Yes. “Digital collectibles” is just another name for NFTs; a name that has been growing in popularity recently. It is arguably the result of companies trying to find a better name that the public can relate to and understand. A “digital collectible” has the added benefit of distancing itself from the term “NFT”, which many people have a negative perception of. This may be in part because of years of misconceptions and misunderstandings about NFTs.

If you’d like to explore this subject in greater detail after finishing this article, feel free to check out The Ultimate Guide to Digital Collectibles.

What Are Wallets?

Pretty much exactly what it sounds like—wallets are a place to put your money. When we’re talking about NFTs and crypto, however, a wallet is digital place to store your crypto and other assets.

For Ethereum, the most popular wallet is MetaMask, which is easy to install and get started with, as the video below demonstrates.

What Is a Seed Phrase?

All wallets are secured with something called a seed phrase.

A seed phrase (also called a recovery phrase) is a 12-24 word master password, made up of a series of randomly assigned words. Your seed phrase is provided to you when you set up your wallet for the first time. Beyond that, it is only necessary to enter your seed phrase if you need to recover your wallet (like in the event of a lost or damaged device), or, when you’re setting up your already established wallet on a new device.

Your seed phrase is the single most important thing in this space. You must keep safe. Failure to do so can have disastrous consequences, like you permanently losing access to all of your funds.

Can I Access My Crypto If I Forget My Seed Phrase?

No. Unlike nearly every password you’ve ever encountered in your life, there is no way to recover your seed phrase if you forget it or lose it. This is referred to as having “self-custody”, meaning you are the only one in control of your money. While there are numerous advantages to self-custody, it carries with it a ton of personality responsibility.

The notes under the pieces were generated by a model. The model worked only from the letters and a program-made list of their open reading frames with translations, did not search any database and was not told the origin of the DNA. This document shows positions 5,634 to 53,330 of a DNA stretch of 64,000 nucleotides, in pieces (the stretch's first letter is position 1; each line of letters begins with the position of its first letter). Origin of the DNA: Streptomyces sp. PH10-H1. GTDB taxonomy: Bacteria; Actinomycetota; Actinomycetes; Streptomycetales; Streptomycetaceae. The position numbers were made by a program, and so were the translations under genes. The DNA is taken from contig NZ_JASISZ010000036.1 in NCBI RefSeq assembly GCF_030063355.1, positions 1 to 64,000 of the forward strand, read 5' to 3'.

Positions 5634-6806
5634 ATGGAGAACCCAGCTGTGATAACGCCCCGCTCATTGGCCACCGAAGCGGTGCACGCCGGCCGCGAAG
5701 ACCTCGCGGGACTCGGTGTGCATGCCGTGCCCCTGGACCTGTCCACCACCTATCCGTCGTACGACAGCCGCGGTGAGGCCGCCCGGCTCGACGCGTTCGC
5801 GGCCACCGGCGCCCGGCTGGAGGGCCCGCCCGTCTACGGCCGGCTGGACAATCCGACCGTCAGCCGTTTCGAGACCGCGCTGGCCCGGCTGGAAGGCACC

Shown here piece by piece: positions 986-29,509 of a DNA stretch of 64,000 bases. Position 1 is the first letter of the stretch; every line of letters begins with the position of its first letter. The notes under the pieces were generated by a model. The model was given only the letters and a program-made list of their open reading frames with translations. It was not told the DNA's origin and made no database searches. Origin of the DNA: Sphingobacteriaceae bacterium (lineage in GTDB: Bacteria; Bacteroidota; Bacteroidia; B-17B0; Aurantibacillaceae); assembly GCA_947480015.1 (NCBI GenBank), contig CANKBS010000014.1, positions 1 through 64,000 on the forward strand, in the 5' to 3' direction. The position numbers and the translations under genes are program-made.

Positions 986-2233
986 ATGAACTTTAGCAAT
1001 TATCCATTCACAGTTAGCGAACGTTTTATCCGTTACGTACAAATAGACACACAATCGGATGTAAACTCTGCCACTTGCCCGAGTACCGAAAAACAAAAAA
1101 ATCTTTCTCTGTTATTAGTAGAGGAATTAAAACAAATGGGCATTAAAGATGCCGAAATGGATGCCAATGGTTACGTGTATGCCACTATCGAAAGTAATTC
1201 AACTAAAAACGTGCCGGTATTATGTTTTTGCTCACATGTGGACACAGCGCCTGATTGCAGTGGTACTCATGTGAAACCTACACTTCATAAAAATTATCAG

It is highly advised that you store your seed phrase in an extremely secure location that is not connected to the internet in any way. Some people go to additional methods to protect themselves. This can include things like embedding your seed phrase on fire/water/acid resistant metal, and/or splitting your seed phrase into multiple parts which are then hidden at different locations in order to reduce the chances of it being stolen.

What Is a Wallet Address?

A wallet address is a string of characters generated randomly when you first make your wallet. It serves as your ID on the blockchain. Your wallet address is the destination where people can send crypto, NFTs, or other assets to you.

How a wallet address looks will vary wildly depending on the blockchain it is on. For example, Ethereum addresses are 42 characters long, and all of them begin with 0x.

0x561B6d823B7e2c2e68232fA2F3AF2FbabE4E6125 is an example of what a wallet on Ethereum will look like.